Monday, August 20, 2012

VLBA Tour: With Pictures Edition!

As mentioned in my last post, Tuesday I had the opportunity to take a tour of the Very Long Baseline Array (VLBA) radio telescope located on Mauna Kea. It was a great experience, very interesting, and I definitely learned a lot. I brought my camera with me intending to take lots of pictures, only to realize after taking one that my camera battery was drained.

So, I switched over to using the camera in my cell phone, which is where all of these pictures come from.

The VLBA, as I mentioned previously, is the world's largest interferometer, meaning that the 10 radio telescopes in it all work together to give the sharpest views of any telescope ever. In a single night of observing each telescope can accumulate over 15 terabytes of data – so much data, in fact, that it's cheaper to send the physical hard drive to the headquarters in New Mexico by Fedex than to send it over the Internet. This interferometer is so sensitive that they can actually use it to measure how fast continental plates are drifting apart over time, and GPS satellites are kept updated using the information it provides.

Anyway, here's a shot of the Mauna Kea telescope, with some people in the foreground for scale. Each dish is 25 meters across (82 feet), and the whole array is about ten stories high when pointed straight up as in this picture.

The Mauna Kea node of the VLBA.
See that part at the bottom of the dish? That's a room. A room that we got to visit. A small cylindrical room that immediately brought to mind spaceships from every B-grade science fiction movie in the last century.

The room just beneath the center of the radio dish.
The guy in the middle facing the camera was our guide Tony, one of the two employees of this telescope that do the majority of the maintenance.

After that, we climbed up the ladder in the picture to another smaller room where all the instruments were kept. From there, we were able to exit a small door and find ourselves on the mirror itself!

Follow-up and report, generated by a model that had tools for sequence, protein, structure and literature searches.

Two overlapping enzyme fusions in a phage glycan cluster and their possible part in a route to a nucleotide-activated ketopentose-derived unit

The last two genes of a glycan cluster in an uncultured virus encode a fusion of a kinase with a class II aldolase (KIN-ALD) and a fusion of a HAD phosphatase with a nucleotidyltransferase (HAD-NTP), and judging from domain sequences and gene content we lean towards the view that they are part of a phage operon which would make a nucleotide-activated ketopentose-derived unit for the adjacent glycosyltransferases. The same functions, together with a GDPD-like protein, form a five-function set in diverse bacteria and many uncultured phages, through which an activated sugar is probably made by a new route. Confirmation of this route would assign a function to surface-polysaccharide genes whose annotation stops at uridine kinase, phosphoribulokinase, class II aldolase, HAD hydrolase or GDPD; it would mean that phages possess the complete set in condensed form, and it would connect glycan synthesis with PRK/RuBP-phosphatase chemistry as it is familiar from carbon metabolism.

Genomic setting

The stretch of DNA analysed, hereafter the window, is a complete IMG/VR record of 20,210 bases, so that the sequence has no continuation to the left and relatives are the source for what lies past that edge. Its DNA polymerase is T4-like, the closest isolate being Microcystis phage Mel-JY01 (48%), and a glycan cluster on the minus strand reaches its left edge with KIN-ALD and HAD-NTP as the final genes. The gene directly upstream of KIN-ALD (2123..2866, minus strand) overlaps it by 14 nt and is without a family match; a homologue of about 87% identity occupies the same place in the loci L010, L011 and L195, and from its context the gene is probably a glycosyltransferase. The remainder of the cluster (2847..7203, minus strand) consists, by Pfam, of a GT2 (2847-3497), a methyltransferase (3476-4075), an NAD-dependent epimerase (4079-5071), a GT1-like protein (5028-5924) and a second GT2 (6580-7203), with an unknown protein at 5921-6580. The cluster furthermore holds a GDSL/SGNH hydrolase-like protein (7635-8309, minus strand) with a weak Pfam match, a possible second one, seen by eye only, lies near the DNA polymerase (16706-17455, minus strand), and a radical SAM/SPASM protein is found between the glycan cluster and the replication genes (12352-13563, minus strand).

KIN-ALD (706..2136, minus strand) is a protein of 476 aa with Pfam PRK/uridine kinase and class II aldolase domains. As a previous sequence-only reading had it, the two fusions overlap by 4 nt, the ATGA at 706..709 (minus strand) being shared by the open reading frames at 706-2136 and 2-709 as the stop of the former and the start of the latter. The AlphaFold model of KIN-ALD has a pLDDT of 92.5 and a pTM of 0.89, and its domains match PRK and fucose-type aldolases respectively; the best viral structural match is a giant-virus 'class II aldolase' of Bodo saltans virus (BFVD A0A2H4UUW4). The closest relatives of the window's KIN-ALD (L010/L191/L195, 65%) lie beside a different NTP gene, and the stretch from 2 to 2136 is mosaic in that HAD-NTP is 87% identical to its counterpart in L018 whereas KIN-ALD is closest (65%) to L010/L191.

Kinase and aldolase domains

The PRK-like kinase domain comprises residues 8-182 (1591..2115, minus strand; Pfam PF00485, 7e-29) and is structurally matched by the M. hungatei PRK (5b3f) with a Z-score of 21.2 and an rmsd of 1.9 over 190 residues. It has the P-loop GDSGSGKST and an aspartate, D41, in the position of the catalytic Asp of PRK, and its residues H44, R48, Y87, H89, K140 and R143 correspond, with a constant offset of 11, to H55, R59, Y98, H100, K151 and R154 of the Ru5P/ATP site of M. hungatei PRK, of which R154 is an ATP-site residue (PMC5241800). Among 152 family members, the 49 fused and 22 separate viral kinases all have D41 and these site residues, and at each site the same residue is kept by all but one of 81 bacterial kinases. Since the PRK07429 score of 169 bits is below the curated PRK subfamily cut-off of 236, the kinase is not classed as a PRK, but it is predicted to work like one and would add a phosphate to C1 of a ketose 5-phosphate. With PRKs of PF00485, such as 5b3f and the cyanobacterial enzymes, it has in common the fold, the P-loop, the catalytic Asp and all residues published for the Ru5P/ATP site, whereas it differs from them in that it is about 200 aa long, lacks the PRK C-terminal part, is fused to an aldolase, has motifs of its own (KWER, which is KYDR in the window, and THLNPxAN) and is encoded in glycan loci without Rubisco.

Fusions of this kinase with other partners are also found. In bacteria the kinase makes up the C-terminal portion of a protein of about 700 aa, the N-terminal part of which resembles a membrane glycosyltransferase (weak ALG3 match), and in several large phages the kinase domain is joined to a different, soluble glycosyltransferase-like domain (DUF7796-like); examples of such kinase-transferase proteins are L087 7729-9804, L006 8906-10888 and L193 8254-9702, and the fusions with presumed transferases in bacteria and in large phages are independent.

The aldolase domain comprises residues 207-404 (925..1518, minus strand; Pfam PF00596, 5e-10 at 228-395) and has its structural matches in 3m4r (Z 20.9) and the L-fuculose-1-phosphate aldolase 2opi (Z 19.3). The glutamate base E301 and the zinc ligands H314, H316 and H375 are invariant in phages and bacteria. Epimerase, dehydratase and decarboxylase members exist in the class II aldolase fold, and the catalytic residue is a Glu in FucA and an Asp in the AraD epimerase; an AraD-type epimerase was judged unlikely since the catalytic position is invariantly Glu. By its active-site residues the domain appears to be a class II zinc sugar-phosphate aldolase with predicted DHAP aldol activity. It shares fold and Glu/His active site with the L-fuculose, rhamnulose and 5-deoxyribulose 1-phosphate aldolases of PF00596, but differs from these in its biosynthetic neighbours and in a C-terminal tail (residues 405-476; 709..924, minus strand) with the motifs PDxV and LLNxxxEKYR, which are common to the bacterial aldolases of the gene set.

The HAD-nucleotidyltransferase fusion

The dish, with the door we came out of visible at the bottom.
Standing on the dish was amazing. Absolutely incredible. As mentioned it's over 80 feet across, all curving in a gently parabolic arc, and so blindingly white I was wishing I had my sunglasses. (The picture doesn't convey it very well, but wow, the white paint on the dish reflected so much light it was like a minor form of snow blindness until my eyes adjusted.)

We were even allowed to climb up the steeply sloping outer edge to where we could look back down to the parking lot almost ten stories below. It was intense. Taking the picture below was difficult, as I was trying to hold on to the dish edge with one hand so as not to slide back down while taking a picture with the other on a phone without a dedicated camera button.

Don't look down!

Pretty amazing view, no? Here's another panorama of the dish taken from the same location by turning around:

As mentioned earlier, the thing in the center that looks like a space capsule is the instrument room where the various detectors are stored. There are quite a few different receivers covering a much, much thicker band of the electromagnetic spectrum than the visible light we can see, and the brown object near the top of the picture is actually a parabolic ellipsoid mirror that can direct the radio waves the telescope receives into any of the various instruments.

It also looks pretty neat with a bit of lens flair behind it.
So, there you have it. Pictures from my VLBA tour. All in all it was a great experience, the two guys who run it were great to talk to, happy to show off and talk about their telescope. You could tell they loved what they did. Anyway, that's it for tonight, a hui hou!

P.S. This telescope is located at about 11,000 feet on Mauna Kea, nearly 3,000 feet below the summit, so none of the hills you see in these pictures is the summit peak. Just local cinder cones.


  1. Thanks! I wouldn't have been able to do this if I had had my old cell phone, that's for sure.


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